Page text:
St. Louis fights to force protestor to pay thousands in attorney fees for suing police

By: - September 30, 2021 7:23 am

Kristine “Kris” Hendrix, 41, filed a lawsuit against St. Louis police officers and was awarded $3,500 in damages in 2020. (Photo courtesy of Kris Hendrix.)

Around midnight in May 2015, Kristine “Kris” Hendrix was walking to her car after a Black Lives Matter protest in downtown St. Louis.

As a mother of three Black boys and an elected school board member, Hendrix says she was moved to march in the street alongside dozens of others to speak out against the death of Black youth like Michael Brown and many others at the hands of police. 

“I do it for my children,” Hendrix said, in an interview in 2015. “I do it for the children in my youth group and for all children. They deserve an advocate.”

But as Hendrix and a few other protestors were walking to their cars on the sidewalk that night, St. Louis police officers grabbed them. 

Hendrix was thrown to the ground and shocked with a Taser three times in less than a minute. A year later, a circuit court judge dismissed her resisting arrest charge. 

Hendrix sued the two officers involved in the attack. In February 2020, a jury awarded damages against only one of the officers — a Black man who tased her — of battery.

Now six years later, Hendrix will head back to court next week to fend off a push by the city to make her pay $57,000 in attorney’s fees that it cost the city to represent the white officer that the jury didn’t award damages against.

A circuit court judge ruled she didn’t have to pay those fees. The city is now asking asking the Court of Appeals to reverse the decision and force Hendrix to pay up.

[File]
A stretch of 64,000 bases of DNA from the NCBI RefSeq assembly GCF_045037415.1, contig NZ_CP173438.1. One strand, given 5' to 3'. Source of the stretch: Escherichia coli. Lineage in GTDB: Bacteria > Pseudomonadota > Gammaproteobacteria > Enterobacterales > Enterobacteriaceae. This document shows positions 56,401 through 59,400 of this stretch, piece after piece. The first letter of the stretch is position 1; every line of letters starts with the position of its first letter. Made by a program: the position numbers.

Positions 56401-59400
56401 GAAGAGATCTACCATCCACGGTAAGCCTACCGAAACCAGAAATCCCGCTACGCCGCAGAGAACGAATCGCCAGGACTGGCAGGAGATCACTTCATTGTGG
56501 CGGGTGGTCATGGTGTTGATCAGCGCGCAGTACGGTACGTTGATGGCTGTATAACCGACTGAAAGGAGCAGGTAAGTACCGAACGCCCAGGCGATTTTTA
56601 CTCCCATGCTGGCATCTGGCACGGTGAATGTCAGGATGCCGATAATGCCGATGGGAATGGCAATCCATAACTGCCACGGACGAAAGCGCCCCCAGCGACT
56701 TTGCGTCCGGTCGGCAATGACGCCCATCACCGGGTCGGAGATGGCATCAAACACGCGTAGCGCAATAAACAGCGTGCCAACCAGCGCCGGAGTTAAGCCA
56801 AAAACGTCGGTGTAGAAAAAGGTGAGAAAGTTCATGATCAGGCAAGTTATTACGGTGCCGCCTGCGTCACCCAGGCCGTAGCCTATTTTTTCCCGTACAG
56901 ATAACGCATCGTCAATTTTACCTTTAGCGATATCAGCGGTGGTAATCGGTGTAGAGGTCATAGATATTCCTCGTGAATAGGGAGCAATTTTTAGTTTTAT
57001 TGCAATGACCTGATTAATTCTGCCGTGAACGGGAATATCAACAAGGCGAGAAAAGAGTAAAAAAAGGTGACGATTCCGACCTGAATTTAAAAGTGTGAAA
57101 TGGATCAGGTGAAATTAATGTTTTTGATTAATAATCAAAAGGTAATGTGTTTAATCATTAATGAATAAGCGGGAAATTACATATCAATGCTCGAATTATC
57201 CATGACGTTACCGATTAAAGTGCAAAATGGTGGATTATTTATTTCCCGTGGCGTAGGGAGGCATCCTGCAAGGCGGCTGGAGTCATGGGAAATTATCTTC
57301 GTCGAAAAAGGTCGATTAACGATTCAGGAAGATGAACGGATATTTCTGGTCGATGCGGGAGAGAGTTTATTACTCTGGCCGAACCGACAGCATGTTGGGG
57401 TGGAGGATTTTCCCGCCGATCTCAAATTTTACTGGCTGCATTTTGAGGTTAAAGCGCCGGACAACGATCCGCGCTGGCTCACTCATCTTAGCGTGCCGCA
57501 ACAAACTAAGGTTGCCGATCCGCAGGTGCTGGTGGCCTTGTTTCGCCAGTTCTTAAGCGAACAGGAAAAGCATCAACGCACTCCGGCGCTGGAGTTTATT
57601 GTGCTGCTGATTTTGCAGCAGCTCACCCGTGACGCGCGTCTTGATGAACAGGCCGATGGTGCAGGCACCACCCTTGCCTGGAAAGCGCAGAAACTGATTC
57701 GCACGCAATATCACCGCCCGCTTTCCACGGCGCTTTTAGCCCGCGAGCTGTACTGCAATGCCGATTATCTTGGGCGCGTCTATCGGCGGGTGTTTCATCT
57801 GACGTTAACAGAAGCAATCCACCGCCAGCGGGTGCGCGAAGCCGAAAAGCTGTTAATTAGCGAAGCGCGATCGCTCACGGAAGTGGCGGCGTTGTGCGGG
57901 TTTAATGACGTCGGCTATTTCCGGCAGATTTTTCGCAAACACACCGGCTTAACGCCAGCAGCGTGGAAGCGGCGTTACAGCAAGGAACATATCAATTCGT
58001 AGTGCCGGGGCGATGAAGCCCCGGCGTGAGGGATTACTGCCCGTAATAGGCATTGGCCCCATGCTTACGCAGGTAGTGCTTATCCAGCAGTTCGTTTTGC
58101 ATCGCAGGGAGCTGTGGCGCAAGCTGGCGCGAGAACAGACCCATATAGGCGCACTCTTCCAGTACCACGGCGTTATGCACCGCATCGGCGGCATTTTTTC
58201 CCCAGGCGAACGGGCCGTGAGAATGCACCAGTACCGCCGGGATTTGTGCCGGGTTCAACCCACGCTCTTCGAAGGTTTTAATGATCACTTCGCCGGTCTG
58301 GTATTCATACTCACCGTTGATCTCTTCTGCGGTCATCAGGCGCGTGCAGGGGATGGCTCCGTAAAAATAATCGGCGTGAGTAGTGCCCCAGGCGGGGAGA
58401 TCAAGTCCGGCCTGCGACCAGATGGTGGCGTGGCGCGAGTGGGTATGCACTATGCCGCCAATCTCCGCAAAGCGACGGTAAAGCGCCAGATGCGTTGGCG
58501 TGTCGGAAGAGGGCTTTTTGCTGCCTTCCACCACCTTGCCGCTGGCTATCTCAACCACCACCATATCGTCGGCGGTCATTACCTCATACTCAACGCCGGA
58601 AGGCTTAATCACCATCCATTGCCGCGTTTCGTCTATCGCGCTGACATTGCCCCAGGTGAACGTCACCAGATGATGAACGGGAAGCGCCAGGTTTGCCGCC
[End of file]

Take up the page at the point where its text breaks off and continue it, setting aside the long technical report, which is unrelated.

St. Louis will be represented in the case by its new city counselor, Sheena Hamilton — the first Black woman to serve in that position in the city’s history.

The city argues it is required to charge the fees under a 2007 law that mandates attorneys fees if someone sues and officer for excessive force and loses.

Hamilton came into her position this week, but the city filed its appeal brief on April 23 — three days after St. Louis Mayor Tishaura Jones was sworn into office as the first Black woman to lead the city.

Hendrix’s attorneys say that the state law does not require the city to charge her more than $50,000.

 “The city is making the decision to try to shake down Ms. Hendrix for these fees — there is nothing mandating them to take this position, or the amount,” said Jack Waldron, staff attorney at ArchCity Defenders, a nonprofit law firm defending Hendrix in the case.

The mayor’s spokesman said that the city does not comment on pending litigation, but that the case is under review.

As a former elected leader and an activist, Hendrix says she knows what her case truly represents. 

It’s already extremely hard to win a lawsuit against police officers. She says St. Louis leaders would be sending a message: anyone who attempts to bring their grievances about police conduct to court could pay tens of thousands of dollars in attorney fees. 

“I think that it would have a huge effect on our city,” said Hendrix, now 41, in an interview Wednesday. “It can feel like a bullying tactic, so that people would not want to come forward to address those grievances. Because that would be a heavy financial lift for working-class families.”

‘I can’t, it hurts’

Three years after Hendrix filed her lawsuit claiming that two officers used excessive force, a St. Louis jury awarded her $3,500.

The jury found in favor of Hendrix on only one battery count against St. Louis Metropolitan Police Officer Stephen Ogunjobi, but nothing against Officer Louis Wilson. Her lawsuit had also claimed assault, excessive force, battery, false arrest and imprisonment, and malicious prosecution.

During the 2015 arrest, another protestor had handed his phone to Hendrix, who continued to record video as she walked away on the sidewalk in an attempt to disperse.